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Grapheme clusters, a.k.a.real characters


Steven D'Aprano wrote:

>On Wed, 19 Jul 2017 10:34 am, Mikhail V wrote:
>> Ok, in this narrow context I can also agree.
>> But in slightly wider context that phrase may sound almost like:
>> "neither geometrical shape is better than the other as a basis
>> for a wheel. If you have polygonal wheels, they are still called wheels."


> I'm not talking about wheels, I'm talking about writing systems which are
> fundamentally collections of arbitrary shapes. There's nothing about the sound
> of "f" that looks like the letter "f".

> But since you mentioned non-circular wheels, such things do exist, and are still
> called "wheels" (or "gears", which is a kind of specialised wheel).

> https://eric.ed.gov/?id=EJ937593
> https://en.wikipedia.org/wiki/Non-circular_gear
> https://en.wikipedia.org/wiki/Square_wheel
> https://www.youtube.com/watch?v=vk7s4PfvCZg


Triangular wheels, sure, why not?
A default "wheel" in a conversation, unless other meaning stated,
is a common wheel of a bike or a car. At least I believe so, but since I'm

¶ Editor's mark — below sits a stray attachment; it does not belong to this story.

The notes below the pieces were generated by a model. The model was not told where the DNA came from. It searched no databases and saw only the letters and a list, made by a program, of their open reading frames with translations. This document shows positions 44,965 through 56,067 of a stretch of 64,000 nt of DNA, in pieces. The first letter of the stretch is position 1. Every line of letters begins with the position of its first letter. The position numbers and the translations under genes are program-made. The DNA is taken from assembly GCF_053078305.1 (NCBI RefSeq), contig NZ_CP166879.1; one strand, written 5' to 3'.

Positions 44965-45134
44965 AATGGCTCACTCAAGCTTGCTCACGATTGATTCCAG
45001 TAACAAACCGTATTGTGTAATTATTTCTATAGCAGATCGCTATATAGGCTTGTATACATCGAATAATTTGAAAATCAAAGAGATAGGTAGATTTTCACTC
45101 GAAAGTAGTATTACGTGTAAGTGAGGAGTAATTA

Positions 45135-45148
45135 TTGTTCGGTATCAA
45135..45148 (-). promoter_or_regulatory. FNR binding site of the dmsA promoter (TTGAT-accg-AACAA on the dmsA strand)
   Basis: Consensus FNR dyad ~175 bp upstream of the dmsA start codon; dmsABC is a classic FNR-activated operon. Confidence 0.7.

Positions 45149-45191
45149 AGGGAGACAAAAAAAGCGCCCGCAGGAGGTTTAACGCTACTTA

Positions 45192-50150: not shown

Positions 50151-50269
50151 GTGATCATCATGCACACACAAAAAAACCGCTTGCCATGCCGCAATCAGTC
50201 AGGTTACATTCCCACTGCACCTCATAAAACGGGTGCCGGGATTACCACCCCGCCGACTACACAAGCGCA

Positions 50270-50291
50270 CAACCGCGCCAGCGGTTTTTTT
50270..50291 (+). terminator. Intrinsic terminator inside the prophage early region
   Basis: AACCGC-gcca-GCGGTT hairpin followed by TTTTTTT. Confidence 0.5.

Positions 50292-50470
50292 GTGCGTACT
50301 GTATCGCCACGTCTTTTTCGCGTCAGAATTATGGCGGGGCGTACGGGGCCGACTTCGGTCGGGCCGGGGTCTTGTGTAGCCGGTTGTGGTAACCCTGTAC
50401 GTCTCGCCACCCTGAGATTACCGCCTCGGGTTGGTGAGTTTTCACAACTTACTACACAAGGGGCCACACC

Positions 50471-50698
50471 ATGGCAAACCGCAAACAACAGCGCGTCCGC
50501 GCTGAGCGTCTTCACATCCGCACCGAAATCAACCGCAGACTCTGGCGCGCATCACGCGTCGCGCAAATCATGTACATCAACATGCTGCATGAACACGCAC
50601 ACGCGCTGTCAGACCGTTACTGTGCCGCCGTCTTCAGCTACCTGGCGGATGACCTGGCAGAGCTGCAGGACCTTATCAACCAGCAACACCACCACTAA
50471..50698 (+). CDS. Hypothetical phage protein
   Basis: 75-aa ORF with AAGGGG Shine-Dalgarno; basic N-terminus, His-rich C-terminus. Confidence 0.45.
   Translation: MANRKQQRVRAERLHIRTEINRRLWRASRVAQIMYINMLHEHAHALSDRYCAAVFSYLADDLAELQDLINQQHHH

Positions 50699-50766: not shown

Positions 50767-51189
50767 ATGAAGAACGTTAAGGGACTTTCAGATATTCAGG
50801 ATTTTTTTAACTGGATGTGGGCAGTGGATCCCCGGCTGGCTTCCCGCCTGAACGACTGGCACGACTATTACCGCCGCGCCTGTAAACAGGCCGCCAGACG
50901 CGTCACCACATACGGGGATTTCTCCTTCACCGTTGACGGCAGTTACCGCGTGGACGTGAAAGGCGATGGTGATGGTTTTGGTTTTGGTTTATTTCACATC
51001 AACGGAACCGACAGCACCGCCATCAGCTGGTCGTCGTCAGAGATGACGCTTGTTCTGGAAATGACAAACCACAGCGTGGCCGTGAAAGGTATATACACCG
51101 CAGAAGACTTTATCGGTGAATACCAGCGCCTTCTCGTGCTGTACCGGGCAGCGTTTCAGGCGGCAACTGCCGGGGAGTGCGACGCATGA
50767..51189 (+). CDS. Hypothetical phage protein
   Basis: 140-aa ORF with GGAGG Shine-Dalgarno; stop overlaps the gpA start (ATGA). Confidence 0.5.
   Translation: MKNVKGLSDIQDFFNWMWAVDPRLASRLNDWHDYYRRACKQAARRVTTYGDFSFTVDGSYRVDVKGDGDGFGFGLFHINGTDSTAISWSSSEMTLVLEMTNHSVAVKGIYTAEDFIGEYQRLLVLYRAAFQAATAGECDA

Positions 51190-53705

non-native speaker I may be wrong.

As well as the default merit of goodness of a writing system is how
easy one can read texts in it (_a healthy person, done with the
learning process_).

Fundamentally, yes, a system in theory can be a set of _any_ shapes.
This means that its goodness, in respect to the shapes alone,
can vary from absolute zero (as e.g. in a hand-written recipe from a doctor :)
and up to the optimum domain.

Even if we take more obvious criteria - the ease of input -
I suppose it is obvious that inputting German text by rules which need initial
Caps in _all_ nouns, is harder than inputting the same text without Caps.
Same for inputting diacritics.
It is also pretty obvious that these Caps makes it harder to read in general.
(more obvious that excessive diacritics, like in French)

Thus, even in a narrow context, "no system is better or worse" sounds very
suspect to me.


Mikhail